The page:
# Hitching a Ride on the Space Shuttle

HYPOTHETICAL:

The space shuttle docks with the ISS. While docked together, one of the cosmonauts on the ISS comes down with a really bad case of… [insert terrifying disease here]. Since the space shuttle is heading to Florida in a couple of days, can he just hop on board? Will the extra 80 or so kilograms of cosmonaut significantly affect the calculations required to land the shuttle?

First they need an extra seat. But my guess is they could rig something up if the guy is really sick. They might carry spare seats. I doubt 80kg is going to be a problem. If it was they could always leave another 80kg behind.

it would make very little difference. The space shuttle orbiter has an empty weight of 68,585kg. Changing it’s mass by about 0.1% isn’t going to matter.

On the other hand, if an astronaut does go down with some horrific space disease I submit he should be sent on a one-way trip to the sun, for the good of humanity.

They’d run the calcs with the new estimated weight and that’d be it. How big a difference would it make? Hard to say.

They track fuel consumption, net cargo transfers, estimated weight of trash downhauled, etc. There’s certainly a bounded error term in the weight estimates. But there’d be no reason to throw a known extra 80Kg in there without accounting for it.

That’s easier said than done. You can’t really just head straight towards the sun since you’re already in a solar orbit.

The space shuttle seats up to 10, more than it’s ever flown with, so no problem there. They would have to re-run calculations to account for the extra mass, but as Alka Seltzer said, the shuttle weighs more than 70,000 kg on deorbit. It’s unlikely an extra 80 kg would affect anything. At the same time though, those calculations would be run, because NASA doesn’t really have a history of just winging things.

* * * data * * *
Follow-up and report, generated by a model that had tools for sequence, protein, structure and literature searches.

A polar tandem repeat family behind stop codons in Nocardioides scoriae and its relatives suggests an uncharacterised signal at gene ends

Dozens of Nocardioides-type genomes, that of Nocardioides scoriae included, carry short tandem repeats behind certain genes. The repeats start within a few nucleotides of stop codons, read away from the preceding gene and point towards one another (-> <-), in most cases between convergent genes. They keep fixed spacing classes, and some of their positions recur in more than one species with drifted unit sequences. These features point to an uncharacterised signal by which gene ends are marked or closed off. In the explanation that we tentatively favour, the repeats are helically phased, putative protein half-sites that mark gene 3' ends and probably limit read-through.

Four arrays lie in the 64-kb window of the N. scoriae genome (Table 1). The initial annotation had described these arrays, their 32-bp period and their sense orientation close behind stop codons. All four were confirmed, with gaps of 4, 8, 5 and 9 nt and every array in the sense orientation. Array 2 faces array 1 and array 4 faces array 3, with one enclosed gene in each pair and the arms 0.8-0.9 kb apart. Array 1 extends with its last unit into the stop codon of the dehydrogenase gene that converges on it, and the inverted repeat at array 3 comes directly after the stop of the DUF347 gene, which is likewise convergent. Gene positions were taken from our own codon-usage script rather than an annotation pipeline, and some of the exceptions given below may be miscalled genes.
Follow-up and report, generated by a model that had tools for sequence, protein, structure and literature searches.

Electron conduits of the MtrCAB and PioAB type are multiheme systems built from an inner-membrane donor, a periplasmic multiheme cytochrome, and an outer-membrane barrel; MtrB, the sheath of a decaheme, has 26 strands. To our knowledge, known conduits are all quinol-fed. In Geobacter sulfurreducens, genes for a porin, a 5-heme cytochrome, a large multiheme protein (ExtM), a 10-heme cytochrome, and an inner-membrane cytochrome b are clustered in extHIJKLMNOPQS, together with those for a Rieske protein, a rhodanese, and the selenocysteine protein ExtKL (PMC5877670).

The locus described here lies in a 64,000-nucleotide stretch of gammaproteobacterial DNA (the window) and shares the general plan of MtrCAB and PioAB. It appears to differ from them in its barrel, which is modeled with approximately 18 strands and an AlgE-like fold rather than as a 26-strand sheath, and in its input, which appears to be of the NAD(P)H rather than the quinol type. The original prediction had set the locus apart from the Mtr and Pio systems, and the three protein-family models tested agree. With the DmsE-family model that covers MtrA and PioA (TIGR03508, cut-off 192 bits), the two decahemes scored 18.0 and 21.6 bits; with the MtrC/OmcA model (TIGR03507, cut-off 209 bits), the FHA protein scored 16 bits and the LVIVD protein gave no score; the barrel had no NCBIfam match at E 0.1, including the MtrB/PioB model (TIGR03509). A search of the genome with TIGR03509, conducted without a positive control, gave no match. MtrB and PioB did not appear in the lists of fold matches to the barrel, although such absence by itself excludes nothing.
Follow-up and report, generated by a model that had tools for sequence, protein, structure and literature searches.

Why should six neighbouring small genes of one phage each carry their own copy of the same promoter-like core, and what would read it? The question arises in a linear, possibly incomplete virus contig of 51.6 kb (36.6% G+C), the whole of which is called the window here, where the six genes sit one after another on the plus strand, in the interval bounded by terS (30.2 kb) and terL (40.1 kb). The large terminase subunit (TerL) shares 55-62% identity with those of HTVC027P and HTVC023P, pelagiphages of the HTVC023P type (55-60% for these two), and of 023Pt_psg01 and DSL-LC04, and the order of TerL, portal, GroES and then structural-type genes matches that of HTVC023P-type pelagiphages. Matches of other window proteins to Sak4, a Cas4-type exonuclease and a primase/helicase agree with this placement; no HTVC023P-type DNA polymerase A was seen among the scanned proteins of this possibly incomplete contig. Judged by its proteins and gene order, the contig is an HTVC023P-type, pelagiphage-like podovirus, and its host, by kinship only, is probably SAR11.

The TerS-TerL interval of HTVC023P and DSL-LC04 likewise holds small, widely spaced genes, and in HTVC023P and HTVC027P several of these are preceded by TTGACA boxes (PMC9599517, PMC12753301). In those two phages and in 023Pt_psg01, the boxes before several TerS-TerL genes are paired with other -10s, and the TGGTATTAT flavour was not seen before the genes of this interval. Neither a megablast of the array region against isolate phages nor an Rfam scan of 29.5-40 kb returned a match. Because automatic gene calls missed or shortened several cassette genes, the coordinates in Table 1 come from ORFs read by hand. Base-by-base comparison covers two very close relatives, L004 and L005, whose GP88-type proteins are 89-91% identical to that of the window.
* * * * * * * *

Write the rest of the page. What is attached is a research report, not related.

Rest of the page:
Yes, IIRC correctly it takes more energy to reach the sun than the outer planets. If your astronaut has space-worms erupting from his eyeballs I still contend it’s worth it.

The space shuttle isn’t even capable of reaching the moon, so aiming it towards the sun is completely out of the question. I don’t know if there’s a spare maneuvering rocket lying around up there that they could rig to Sick Spaceman Spiff that would have enough thrust to carry just his body to the sun or not.

No matter what you do, the space worms will find a way to hide somewhere on the shuttle. They always do. Might as well send some nukes up on the next shuttle mission for the inevitable nuke 'em from orbit thing.

Even that is an understatement. The Space Shuttle isn’t even capable of reaching the International Space Station unless it’s launched into the correct orbit to begin with. (E.g. it couldn’t do a Hubble repair and then stop by at the ISS.)

I’m not sure new calculations would be of benefit. There must be a lot of unknowns associated with re-entry: exact density profile of the atmosphere, turbulence effects, etc. I’d bet that the extra 80kg wouldn’t change the trajectory within the margin of error.

Just out of curiosity, how much unexpected extra cargo could the shuttle—say, STS-133—bring back from orbit, safely? (Damned if I know what there’d be to haul back, and in such a hurry. A pod of dead space dolphins, maybe?)

Wasn’t the plan to originally bring the HST back to earth for servicing periodically? In which case it could bring back at least 11,000 KG.

http://en.wikipedia.org/wiki/Hubble_Space_Telescope

Has the space shuttle ever returned a satellite from orbit? wasn’t that one of its original design features?

I think the heaviest payload brought back by the Shuttle is the Long Duration Exposure Facility (LDEF), with a mass of 9700 kg. Though that doesn’t mean every Shuttle flight can bring back that much mass; some flights have larger crew and may have non-removable equipment in the payload bay.